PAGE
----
Skip to main content
Part of complete coverage from

What's screwed up about America's body image

By LZ Granderson, CNN Contributor
August 6, 2014 -- Updated 1732 GMT (0132 HKT)
STORY HIGHLIGHTS
  • LZ Granderson: "Plus-size" model gets cyberapplause for posting unretouched pix
  • LZ: If she's "plus-size," it's bad news for average women, who run about 165 pounds
  • He says America's distorted views of beauty, appearance affect women and men
  • LZ: Maybe Lawley's brave photos will raise awareness of how crazy our beauty image is

Editor's note: LZ Granderson is a CNN contributor, a senior writer for ESPN and a lecturer at Northwestern University. He is a former Hechinger Institute fellow and his commentary has been recognized by the Online News Association, the National Association of Black Journalists and the National Lesbian and Gay Journalists Association. Follow him on Twitter @locs_n_laughs. The opinions expressed in this commentary are solely those of the author.

(CNN) -- Robyn Lawley, an Australian plus-size model, is getting a cyber-standing ovation for posting unretouched and makeup-free photos of herself on Facebook in protest against the pathological airbrushing we've grown accustomed to in professional photography. It's a bold move for the 25-year-old, who was also a vocal critic of the recent Sports Illustrated swimsuit issue.

Her message to women everywhere is clear: Beauty comes in many sizes.

LZ Granderson
LZ Granderson

The problem is, Lawley is not what average people would call plus-size.

In fact, when I initially saw her unretouched photos, I kept scrolling through the gallery looking for her unretouched photos. Her natural beauty is undeniable, but if her body is what the fashion industry is calling plus size, that world is more screwed up than we know. Like, seriously, what kind of hallucinogen do you have to take in order to look at Lawley and think she's on the heavier side? At worst she looks like a fitness instructor at one of those gyms where the women show up in full makeup.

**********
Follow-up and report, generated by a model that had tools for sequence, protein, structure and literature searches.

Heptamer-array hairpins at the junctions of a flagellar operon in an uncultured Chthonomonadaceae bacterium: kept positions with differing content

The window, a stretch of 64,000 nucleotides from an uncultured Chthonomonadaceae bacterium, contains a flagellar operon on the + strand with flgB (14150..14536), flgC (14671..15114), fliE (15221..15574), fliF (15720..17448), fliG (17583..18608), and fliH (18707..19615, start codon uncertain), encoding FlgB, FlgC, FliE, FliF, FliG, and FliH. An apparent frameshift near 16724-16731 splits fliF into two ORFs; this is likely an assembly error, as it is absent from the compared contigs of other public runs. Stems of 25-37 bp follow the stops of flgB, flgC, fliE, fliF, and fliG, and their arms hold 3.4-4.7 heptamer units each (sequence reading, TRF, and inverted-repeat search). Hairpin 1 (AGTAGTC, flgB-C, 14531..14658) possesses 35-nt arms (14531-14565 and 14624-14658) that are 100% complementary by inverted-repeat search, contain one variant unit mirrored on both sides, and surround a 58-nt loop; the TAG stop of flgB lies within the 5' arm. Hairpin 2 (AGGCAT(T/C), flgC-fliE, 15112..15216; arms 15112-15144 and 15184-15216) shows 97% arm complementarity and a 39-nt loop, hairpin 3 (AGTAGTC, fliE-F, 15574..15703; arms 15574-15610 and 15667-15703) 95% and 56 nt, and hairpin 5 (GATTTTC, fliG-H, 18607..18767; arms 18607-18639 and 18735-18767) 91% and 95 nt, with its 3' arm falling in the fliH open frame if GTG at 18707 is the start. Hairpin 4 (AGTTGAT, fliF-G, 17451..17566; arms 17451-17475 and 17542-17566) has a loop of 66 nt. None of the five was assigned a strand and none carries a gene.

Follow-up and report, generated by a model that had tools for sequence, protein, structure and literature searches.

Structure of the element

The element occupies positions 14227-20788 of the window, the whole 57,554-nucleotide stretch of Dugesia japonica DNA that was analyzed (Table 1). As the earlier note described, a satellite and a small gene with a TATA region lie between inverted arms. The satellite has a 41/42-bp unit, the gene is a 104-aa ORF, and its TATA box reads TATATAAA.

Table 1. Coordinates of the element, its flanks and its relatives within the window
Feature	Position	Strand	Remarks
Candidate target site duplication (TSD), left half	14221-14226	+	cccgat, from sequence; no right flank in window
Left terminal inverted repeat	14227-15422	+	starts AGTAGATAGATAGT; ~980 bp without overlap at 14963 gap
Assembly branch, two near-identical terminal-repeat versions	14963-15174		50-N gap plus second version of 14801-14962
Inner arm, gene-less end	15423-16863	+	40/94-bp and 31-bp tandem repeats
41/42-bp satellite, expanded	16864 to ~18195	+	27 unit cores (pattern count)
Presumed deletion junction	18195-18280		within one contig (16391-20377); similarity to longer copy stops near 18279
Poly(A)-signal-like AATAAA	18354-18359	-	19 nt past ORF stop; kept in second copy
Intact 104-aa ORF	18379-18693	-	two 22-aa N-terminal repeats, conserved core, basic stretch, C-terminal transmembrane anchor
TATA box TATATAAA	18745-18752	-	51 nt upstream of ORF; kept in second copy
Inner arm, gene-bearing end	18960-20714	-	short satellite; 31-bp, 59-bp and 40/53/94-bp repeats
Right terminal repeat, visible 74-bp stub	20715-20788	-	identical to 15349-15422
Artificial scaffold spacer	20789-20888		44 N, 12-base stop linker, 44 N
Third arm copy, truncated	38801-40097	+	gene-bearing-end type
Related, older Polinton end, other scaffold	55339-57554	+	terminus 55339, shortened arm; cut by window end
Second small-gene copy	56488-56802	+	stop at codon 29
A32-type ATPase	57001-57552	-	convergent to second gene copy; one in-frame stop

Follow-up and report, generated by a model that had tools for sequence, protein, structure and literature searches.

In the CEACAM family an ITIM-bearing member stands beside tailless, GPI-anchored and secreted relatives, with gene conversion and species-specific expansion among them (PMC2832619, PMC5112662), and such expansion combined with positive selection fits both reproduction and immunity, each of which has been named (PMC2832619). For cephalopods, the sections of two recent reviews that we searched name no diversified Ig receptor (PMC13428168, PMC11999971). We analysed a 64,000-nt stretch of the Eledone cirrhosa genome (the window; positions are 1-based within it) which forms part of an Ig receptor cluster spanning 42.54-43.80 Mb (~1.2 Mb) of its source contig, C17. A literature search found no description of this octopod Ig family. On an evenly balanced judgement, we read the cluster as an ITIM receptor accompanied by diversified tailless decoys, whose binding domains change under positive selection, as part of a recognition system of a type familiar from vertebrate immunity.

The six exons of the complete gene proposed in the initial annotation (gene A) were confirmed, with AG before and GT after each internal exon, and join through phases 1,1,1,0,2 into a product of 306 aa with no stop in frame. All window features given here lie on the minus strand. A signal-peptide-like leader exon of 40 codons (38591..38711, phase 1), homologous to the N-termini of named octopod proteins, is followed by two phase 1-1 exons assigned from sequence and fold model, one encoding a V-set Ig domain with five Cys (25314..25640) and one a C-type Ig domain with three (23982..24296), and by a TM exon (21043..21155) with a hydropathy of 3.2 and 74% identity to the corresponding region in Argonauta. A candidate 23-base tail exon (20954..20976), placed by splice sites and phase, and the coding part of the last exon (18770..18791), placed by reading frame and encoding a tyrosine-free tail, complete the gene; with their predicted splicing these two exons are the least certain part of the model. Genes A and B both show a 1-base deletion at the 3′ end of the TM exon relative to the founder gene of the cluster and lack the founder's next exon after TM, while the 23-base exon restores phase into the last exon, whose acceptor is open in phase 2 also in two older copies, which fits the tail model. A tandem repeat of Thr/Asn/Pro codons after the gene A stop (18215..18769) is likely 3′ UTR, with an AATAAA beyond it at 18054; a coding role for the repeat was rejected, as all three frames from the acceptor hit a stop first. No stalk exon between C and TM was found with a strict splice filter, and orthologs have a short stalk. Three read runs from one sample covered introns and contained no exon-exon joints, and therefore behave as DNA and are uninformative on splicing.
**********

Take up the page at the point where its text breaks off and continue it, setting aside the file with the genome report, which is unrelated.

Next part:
An un-retouched image that Australian model Robyn Lawley posted to her Facebook page showed the plus-sized model in a bikini.\n
An un-retouched image that Australian model Robyn Lawley posted to her Facebook page showed the plus-sized model in a bikini.

I've been to Australia.

There are plus-size women there.

Lawley, for all of her bravery, should not be considered among them.

Jennifer Lawrence goes off on fat-shaming
'Fit mom' vs. curvy girls
A sizing trick to make you feel skinny

It's the body image distortion that crammed her into that category, which, for actual plus-size women, can't be a good thing. If a size 6, or even 8, 9, or 10, is the industry's idea of a plus-size woman, then how should the average American woman -- who weighs roughly 165 pounds and wears size 12 or 14 -- describe herself? Morbidly obese?

Of course not, which is why size designations have been massaged over time. Many women apparently don't want to know their true size, so what was a size 14 or 16 in the 1950s is an 8 today. Vanity sizing, they call it.

This ridiculous shell game is how Lawley, who is a size 12, can be both a plus-size role model and on the thin side of average at the same time.

And while this sickeningly unrealistic idea of what we should look like is something mainly inflicted on women, men are not immune.

The receding hairline of England's Prince William was infamously resurrected as an issue on a 2010 cover of Hello magazine. Tennis great Andy Roddick's arm grew by 10 inches for his 2007 Men's Fitness cover. Cosmopolitan compiled a hilarious gallery of Photoshopped male celebrities like Jon Hamm next to pictures of how they actually look.

Earlier this year male model CJ Richards, talking about photo enhancement, said, "Why would you watch a movie without special effects? You understand that this isn't real. There's Photoshop in magazines and special effects in movies. I mean, it happens. So accept it and know that this is actually a real person underneath all of the computerized effects that they're adding in."